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Environment in History: International Perspectives
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The Russian Cold
Histories of Ice, Frost, and Snow
Edited by Julia Herzberg, Andreas Renner, and Ingrid Schierle
348 pages, 20 illus., bibliog., index
ISBN 978-1-80073-127-1 $145.00/£107.00 / Hb / Published (August 2021)
eISBN 978-1-80073-128-8 eBook
“For a country that celebrates the victory of General Winter, the lack of scholarly examination on the cold, and climate in general, is an obvious lacuna in Russian studies. Herzberg and her colleagues are to be commended for breaking ground on the topic. The mix of history of science with cultural and gender studies offered in this volume challenges scholars across the field to consider how the cold impacts their own studies. We can hope this volume marks the beginning of a new field worth exploring.” • Slavonic and East European Review
“Overall, the collection of chapters is full of insight and serves as a welcome and original introduction to this chilling topic.” • Eurasian Geography and Economics
“This collection foregrounds one of Russia’s most distinctive natural features: the cold. Together the contributions advance comparative climate history in new directions by attending not only to place, period, and politics, but to an even more fundamental condition of the human experience.” • Andy Bruno, Northern Illinois University
“This diverse collection provides interesting and important studies on how the cold climate in Russia was experienced, studied and imagined by various actors in different periods of its history.” • Alla Bolotova, Aalto University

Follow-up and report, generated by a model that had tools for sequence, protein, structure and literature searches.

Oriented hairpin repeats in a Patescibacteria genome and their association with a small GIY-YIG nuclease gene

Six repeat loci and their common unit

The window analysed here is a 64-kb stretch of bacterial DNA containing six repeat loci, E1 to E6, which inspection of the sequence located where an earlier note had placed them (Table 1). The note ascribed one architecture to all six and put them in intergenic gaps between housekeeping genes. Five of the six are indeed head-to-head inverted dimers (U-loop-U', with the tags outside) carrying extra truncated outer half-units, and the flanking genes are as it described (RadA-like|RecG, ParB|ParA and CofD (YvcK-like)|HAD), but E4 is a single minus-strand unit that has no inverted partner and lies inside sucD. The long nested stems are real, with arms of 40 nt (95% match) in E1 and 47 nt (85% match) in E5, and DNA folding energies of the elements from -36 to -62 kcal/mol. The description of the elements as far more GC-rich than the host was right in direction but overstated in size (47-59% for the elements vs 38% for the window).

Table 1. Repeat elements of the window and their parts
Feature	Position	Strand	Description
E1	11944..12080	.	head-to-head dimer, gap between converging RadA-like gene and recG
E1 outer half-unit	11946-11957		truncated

Cold has long been a fixture of Russian identity both within and beyond the borders of Russia and the Soviet Union, even as the ongoing effects of climate change complicate its meaning and cultural salience. The Russian Cold assembles fascinating new contributions from a variety of scholarly traditions, offering new perspectives on how to understand this mainstay of Russian culture and history. In chapters encompassing such diverse topics as polar exploration, the Eastern Front in World War II, and the iconography of hockey, it explores the multiplicity and ambiguity of “cold” in the Russian context and demonstrates the value of environmental-historical research for enriching national and imperial histories.
Julia Herzberg is Professor of the History of East Central Europe and Russia in the Pre-Modern Period at the Ludwig-Maximilians-Universität Munich and at the University of Regensburg.
Andreas Renner is Professor of Russian-Asian Studies at the Ludwig-Maximilians-Universität Munich.
Ingrid Schierle is Research Fellow at the Institute for Eastern European History and Area Studies at the University of Tübingen.
Subject: History: 18th/19th CenturyHistory: 20th Century to PresentEnvironmental Studies (General)
Area: Central/Eastern EuropeCircumpolar
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